Talking AusCERT 2012 and cyberwar on ABC Local Radio

My full output from the AusCERT 2012 information security conference has yet to appear. Stand by. But last night I did a half-hour conference wrap with Dom Knight on ABC Local Radio.

We spoke about the conference atmosphere itself, cybercrime, cyberwar, the risk of Cybergeddon (yes, I know), and the claim by Eugene Kaspersky that Apple is ten years behind Microsoft when it comes to security.

Not that Mr Kaspersky would ever, like, troll the entire planet.

Play

What we didn’t talk about, really, was the two stories that have been published so far:

The audio is of course ©2012 Australian Broadcasting Corporation, but as usual I’m posting it here as an archive.

Weekly Wrap 94: Identity, privacy, fog and a lyrebird

My usual weekly summary of what I’ve been doing elsewhere on the internets. This post covers the week from Monday 19 to Sunday 25 March 2012.

Podcasts

  • Patch Monday episode 130, “Yellow alert! Windows RDP flaw explained”. Casey Ellis from Tall Poppy Group and HackLabs proprietor Chris Gatford explain all the things.
  • The 9pm Edict episode 20, which covers Tony Abbott’s tribute to Margaret Whitlam, comedian Bill Bailey’s thoughts on classical music, Harmony Day and more.

Articles

Media Appearances

Corporate Largesse

  • On Thursday I attended the iappANZ workshop on Identity and Privacy as the guest of the Lockstep Group.
  • Also on Thursday, I met with Oliver Friedrichs from Sourcefire, and they bought me a beer.

The Week Ahead

Nothing of specific note has been locked in yet.

Elsewhere

Most of my day-to-day observations are on my high-volume Twitter stream, and random photos and other observations turn up on my Posterous stream (or they used to before my phone camera got a bit too scratched up). The photos also appear on Flickr, where I eventually add geolocation data and tags.

[Photo: Bunjaree Track with Fog, photographed at Bunjaree Cottages on the morning I finally saw the lyrebird.]

Weekly Wrap 93: Sex, security and heartburn

My usual weekly summary of what I’ve been doing elsewhere on the internets. This post covers the week from Monday 12 to Sunday 18 March 2012 — posted late thanks to the worst heartburn I’ve ever experienced destroying an entire night’s sleep.

I’ve added a new section, “The Week Ahead”, listing any events that I’ll be attending. While I often post about future events individually, and my schedule does change at short notice, this will at least help plug a few events that until now I’ve only mentioned on Twitter.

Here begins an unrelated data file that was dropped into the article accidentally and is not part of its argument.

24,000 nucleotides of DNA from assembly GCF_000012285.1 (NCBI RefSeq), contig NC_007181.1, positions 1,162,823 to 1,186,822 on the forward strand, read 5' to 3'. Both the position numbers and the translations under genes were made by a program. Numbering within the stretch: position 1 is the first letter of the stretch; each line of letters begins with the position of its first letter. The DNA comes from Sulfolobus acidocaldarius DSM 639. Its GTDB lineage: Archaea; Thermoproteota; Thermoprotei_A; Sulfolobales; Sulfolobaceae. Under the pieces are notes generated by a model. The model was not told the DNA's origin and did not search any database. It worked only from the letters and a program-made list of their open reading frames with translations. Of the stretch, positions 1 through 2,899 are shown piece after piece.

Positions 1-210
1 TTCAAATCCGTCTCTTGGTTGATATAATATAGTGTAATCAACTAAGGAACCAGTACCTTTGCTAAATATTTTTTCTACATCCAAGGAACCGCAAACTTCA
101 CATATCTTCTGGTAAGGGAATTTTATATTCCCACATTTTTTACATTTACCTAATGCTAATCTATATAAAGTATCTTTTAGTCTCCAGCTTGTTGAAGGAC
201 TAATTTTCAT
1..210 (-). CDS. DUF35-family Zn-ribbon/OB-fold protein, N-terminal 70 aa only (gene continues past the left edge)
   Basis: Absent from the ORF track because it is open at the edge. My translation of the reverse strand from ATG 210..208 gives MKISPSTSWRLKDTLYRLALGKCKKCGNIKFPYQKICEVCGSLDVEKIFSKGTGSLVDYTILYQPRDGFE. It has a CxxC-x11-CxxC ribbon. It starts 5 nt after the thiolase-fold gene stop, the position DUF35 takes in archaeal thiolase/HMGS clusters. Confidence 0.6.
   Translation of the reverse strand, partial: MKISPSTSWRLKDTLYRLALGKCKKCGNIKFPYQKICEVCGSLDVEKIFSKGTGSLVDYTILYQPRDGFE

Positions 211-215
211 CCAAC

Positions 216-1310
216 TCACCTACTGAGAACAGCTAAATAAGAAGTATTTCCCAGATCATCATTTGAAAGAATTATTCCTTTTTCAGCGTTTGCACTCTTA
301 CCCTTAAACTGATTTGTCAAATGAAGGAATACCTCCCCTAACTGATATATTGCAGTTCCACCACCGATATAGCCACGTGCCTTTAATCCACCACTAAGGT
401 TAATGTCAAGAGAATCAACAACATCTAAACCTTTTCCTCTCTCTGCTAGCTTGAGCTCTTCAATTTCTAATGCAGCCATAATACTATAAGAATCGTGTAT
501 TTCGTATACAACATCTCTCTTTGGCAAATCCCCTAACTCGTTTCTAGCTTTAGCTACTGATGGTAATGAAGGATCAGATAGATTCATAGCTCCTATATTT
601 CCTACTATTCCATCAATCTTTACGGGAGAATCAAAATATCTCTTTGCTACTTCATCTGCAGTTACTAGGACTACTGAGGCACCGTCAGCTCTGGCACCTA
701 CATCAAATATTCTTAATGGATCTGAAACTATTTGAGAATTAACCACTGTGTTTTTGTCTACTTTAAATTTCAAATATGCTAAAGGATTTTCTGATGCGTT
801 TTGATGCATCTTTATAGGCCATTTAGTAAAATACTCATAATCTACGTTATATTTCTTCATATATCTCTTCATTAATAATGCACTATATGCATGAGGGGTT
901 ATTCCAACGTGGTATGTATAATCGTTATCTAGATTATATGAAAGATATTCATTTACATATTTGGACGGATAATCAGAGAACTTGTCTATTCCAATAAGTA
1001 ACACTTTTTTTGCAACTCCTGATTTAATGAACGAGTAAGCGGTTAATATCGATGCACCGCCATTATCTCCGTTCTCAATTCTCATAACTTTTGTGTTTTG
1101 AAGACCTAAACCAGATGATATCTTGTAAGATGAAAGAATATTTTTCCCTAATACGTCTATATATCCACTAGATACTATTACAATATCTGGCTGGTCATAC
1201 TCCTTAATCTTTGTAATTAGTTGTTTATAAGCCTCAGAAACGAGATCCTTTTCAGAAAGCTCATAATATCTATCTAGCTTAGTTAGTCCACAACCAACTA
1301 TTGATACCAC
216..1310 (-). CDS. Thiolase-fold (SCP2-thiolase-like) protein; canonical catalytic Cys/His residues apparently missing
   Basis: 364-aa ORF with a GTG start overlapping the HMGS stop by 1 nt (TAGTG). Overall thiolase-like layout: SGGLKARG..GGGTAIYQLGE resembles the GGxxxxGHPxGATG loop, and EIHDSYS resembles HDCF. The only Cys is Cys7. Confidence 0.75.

Podcasts

  • Patch Monday episode 129, “Future security: big data or Big Brother?” A lunchtime conversation with RSA executive chairman Art Coviello, including a discussion of the boundaries between reasonable data analysis and unreasonable surveillance, and a serve for the media failing to report the good news following RSA’s security breach last year, when the loss of information on their SecurID log-in tokens was later used in an attack on defence contractor Lockheed Martin.

Articles

Media Appearances

None.

Corporate Largesse

  • On Wednesday there was free food and drink to be had at the launch of Sexpo.

The Week Ahead

Elsewhere

Most of my day-to-day observations are on my high-volume Twitter stream, and random photos and other observations turn up on my Posterous stream (or they used to before my phone camera got a bit too scratched up). The photos also appear on Flickr, where I eventually add geolocation data and tags.

[Photo: Gang-Gang Cockatoo, one of the more unusual avian visitors to Bunjaree Cottages. Do note that I resisted the temptation to combine “sex” and “gang-gang” in the headline.]

Twitter screwed up TweetDeck, so here’s the old version

Back in May 2011, Twitter bought TweetDeck for $40 million. Now they’ve taken the power users’ Twitter client of choice and, well, fucked it up.

OK, the fact that the new TweetDeck doesn’t run under Adobe AIR but directly as an OS X program will improve the battery life of my MacBook Pro. Eventually. When the program catches up to what we’d all been used to.

Whenever the heck that’s likely to be.

I’m not holding my breath.

Until then, here’s TweetDeck version 0.38.2 for OS X [2.4MB .zip], the final Adobe AIR version. Enjoy.

[Update 0840: You can download the equivalent TweetDeck version 0.38.2 for Windows from OldApps.com. It’ll do you for Windows XP, Vista, or 7.]